Ombudsman vs De Leon (G.R. No. 154083 February 27, 2013)

Office of the Ombudsman vs De Leon
G.R. No. 154083 February 27, 2013

Facts: Acting on a report of illegal quarrying being committed in the Municipality of Baras, Rizal, Graft Investigation Officer Dante D. Tornilla of the Fact Finding Investigation Bureau (FFIB) of the Office of the Ombudsman conducted an investigation pursuant to a mission order dated April 17, 1998. On June 8, 1998, Tornilla filed his report to Ombudsman Aniano Desierto, through Assistant Ombudsman Abelardo L. Aportadera, Jr. and Director Agapito B. Rosales, confirming the illegal quarrying. Tornilla recommended that a preliminary investigation be conducted against  Baras  Municipal Mayor Roberto Ferrera, Baras Municipal Planning and Coordinator Jonathan Llagas, and property owner Venancio Javier for the probable violation of Section 3(e) of Republic Act No. 3019 (Anti-Graft and Corrupt Practices Act); and that administrative proceedings for violations of the Civil Service Rules be also undertaken. In his report and recommendation dated July 13, 1998, DILG Resident Ombudsman Rudiger G. Falcis II sought the inclusion in the investigation of De Leon as the Provincial Environment and Natural Resources Officer (PENRO) and as concurrently the Chairman of the Provincial Mining Regulatory Board (PMRB) of Rizal. After the preliminary investigation, Graft Investigation Officer II Edgardo V. Geraldez of the FFIB, Office of the Ombudsman, issued a decision dated April 29, 1999, dismissing the complaint against all the respondents for lack of substantial evidence. However, Assistant Ombudsman Aportadera, Jr. recommended the disapproval of the said decision.  Ombudsman Desierto approved the recommendation of Assistant Ombudsman Aportadera, Jr. The case was then referred to Atty. Sabino M. Cruz, Resident Ombudsman for the Department of Environment and Natural Resources (DENR), who ultimately submitted a memorandum on October 20, 1999,  duly approved by the Ombudsman, finding De Leon liable for gross neglect of duty.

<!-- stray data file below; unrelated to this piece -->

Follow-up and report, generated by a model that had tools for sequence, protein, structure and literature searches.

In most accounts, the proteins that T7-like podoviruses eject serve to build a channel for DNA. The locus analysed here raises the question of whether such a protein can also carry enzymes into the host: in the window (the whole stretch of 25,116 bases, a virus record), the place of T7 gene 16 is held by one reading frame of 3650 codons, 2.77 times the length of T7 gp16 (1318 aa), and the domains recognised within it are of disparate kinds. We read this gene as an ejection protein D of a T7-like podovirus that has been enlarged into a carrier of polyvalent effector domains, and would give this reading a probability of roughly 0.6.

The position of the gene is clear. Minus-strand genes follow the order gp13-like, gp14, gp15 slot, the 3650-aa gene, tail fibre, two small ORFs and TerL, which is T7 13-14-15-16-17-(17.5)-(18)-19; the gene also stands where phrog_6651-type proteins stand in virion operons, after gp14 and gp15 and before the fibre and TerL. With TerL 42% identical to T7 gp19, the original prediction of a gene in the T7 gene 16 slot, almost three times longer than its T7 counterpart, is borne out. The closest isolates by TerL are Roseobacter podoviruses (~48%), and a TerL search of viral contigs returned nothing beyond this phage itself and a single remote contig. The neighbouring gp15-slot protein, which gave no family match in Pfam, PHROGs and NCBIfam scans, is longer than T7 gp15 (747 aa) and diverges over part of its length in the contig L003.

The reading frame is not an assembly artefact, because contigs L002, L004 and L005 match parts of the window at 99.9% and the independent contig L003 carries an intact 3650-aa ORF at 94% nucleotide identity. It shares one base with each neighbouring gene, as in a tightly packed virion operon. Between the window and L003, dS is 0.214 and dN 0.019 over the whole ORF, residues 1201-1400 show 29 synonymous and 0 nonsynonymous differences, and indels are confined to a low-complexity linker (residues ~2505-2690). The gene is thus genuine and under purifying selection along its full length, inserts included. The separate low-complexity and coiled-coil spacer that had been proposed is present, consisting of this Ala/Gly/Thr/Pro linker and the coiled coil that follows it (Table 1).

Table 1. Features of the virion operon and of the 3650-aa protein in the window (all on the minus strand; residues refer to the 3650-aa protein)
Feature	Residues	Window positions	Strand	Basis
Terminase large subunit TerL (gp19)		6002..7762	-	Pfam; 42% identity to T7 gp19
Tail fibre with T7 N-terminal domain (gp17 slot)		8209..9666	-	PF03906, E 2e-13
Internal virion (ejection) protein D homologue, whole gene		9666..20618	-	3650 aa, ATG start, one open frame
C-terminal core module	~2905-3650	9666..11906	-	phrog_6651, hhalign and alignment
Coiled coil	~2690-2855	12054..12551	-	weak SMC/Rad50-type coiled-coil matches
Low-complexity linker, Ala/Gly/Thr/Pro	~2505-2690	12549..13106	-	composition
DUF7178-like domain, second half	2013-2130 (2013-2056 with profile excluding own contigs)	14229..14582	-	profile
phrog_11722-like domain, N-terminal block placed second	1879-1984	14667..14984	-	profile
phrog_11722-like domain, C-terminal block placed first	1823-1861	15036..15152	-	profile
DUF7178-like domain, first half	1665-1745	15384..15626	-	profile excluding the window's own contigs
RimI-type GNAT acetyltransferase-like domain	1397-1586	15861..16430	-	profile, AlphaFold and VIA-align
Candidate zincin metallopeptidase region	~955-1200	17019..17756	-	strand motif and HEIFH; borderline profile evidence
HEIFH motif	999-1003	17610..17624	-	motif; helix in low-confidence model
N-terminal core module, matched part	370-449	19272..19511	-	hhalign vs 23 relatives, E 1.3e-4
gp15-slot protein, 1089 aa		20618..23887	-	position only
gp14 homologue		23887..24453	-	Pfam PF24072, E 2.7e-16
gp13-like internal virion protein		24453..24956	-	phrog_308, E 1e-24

Issues: Whether or not respondent is liable for gross neglect of duty.

Whether or not the decisions of the Ombudsman is final and immediately executory.

Held: Yes. Gross neglect of duty or gross negligence “refers to negligence characterized by the want of even slight care, or by acting or omitting to act in a situation where there is a duty to act, not inadvertently but wilfully and intentionally, with a conscious indifference to the consequences, insofar as other persons may be affected. It is the omission of that care that even inattentive and thoughtless men never fail to give to their own property.” It denotes a flagrant and culpable refusal or unwillingness of a person to perform a duty. In cases involving public officials, gross negligence occurs when a breach of duty is flagrant and palpable.